“I was devastated,” Chern said as tears welled up in her eyes. “I still can’t talk about it without crying.”
That was 14 years ago.
Today, Chern is preparing to take part in the 2010 Northern Nevada Komen Race for the Cure as a survivor. Chern said she has taken part in the Reno race since its inception in the late 1990s. She also has participated in Komen races in Indiana and Minnesota with her daughters.
“I did my first Race for the Cure in San Francisco in 1997 because there was not a race here (in Reno),” Chern said. “I’ve done it every year since.”
Chern moved to Reno in 1973 from southern California. She was diagnosed with cancer in 1996 and completed treatments in 1997, but her link to the late Susan G. Komen goes back much further.
“I actually went to Richwood Community High School in Peoria, Ill., with Susan G. Komen,” Chern said. “I didn’t really know her very well, but she was in my class.”
Komen died of breast cancer in 1980, when she was in her mid-30s. Komen’s younger sister, Nancy Goodman Brinker, founded the Susan G. Komen Breast Cancer Foundation in 1982 in her sister’s memory.
The Komen foundation raises money for breast cancer research and works to increase breast cancer awareness. The Susan G. Komen Race for the Cure is a 5K run or walk that is held annually in cities all over the United States to raise funds for research.
“The Komen Race for the Cure Series raises significant funds and awareness for the fight against breast cancer, celebrates breast cancer survivorship and honors those who have lost their battle with the disease,” the organization’s website states.
Chern will participate in the local race, which begins at 8 a.m. Sunday at Boomtown Casino & Hotel with registration and team photos. Event organizers said they expect 5,000 participants to turn out for the event.
“The race is amazing,” Chern said. “It is a sea of pink, and to see all the people on the course is so emotional. It is so emotional to see that people come out and do this to offer not only their financial support, but their emotional support as well.”
Emotional support is important to people who are going through treatments for breast cancer, Chern said, as she recalled her own experience.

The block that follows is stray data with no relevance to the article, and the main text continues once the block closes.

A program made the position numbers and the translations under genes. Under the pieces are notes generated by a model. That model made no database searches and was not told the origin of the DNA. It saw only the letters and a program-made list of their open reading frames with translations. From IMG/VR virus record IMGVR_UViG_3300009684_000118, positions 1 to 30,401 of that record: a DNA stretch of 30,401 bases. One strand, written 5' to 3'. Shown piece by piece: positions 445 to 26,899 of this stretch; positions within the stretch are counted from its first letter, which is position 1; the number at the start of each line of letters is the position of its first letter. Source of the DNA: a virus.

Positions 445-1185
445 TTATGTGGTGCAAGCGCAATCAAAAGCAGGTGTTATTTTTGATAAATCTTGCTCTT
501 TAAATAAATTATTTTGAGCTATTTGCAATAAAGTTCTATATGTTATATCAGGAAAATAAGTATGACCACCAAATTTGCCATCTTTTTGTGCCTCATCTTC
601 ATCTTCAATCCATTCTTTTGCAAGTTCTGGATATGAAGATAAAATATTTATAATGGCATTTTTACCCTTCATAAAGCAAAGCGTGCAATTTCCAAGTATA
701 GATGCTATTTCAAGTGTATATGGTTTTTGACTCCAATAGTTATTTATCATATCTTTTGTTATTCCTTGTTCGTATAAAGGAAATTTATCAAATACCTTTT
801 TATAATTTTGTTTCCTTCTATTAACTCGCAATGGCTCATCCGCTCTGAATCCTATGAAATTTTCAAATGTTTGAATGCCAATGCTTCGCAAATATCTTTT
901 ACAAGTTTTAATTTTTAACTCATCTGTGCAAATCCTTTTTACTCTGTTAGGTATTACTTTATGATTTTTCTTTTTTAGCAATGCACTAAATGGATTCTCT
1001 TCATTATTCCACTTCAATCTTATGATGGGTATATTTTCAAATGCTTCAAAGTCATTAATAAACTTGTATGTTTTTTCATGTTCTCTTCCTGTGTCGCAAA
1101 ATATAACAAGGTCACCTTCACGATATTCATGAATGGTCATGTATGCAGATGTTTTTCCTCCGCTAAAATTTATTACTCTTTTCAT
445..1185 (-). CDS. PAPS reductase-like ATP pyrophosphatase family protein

“I’d always been very healthy,” Chern said. “But I found a lump.”
When Chern found a lump in her breast in November 1996, she visited her gynecologist, who opted to just “watch it for a while.”
In December 1996, Chern had the lump removed. She spent most of the next year receiving chemotherapy and radiation treatments, which she finished in August 1997.
During the treatments, Chern said she began to feel more optimistic, and attending support groups and talking to others about the disease was a large contributing factor to her optimism.
“Once I got over the initial trauma of the diagnosis and the cancer and lymph nodes were removed, I felt better,” she said. “Action was being taken and I was much more optimistic.”
Chern said going to her support group was “very, very worthwhile. You start to get a sense of humor about it.”
Pointing to a series of small dots tattooed on her chest, Chern explained the dots were placed for the purpose of accuracy during radiation. “I joked that I might want some sort of a dragon pattern tattoo instead of just connect-the-dots.”
Breast cancer is all a memory for Chern, who still does regular self-examinations and visits the doctor on a regular basis. Now she focuses on being healthy, having fun and spending time with her children and grandchildren. On Oct. 17, she will be taking part in the Nike Women’s Half Marathon in San Francisco with a group of friends from the Reno area.
“You just need to live your life,” Chern said. “It’s more important than getting the lawn mowed or the dishes done.”
When asked what advice she would give to women regarding self-breast exams and regular doctor visits, Chern laughed, “Be vigilant. ‘The girls’ are your friends. Enjoy them, don’t ignore them.”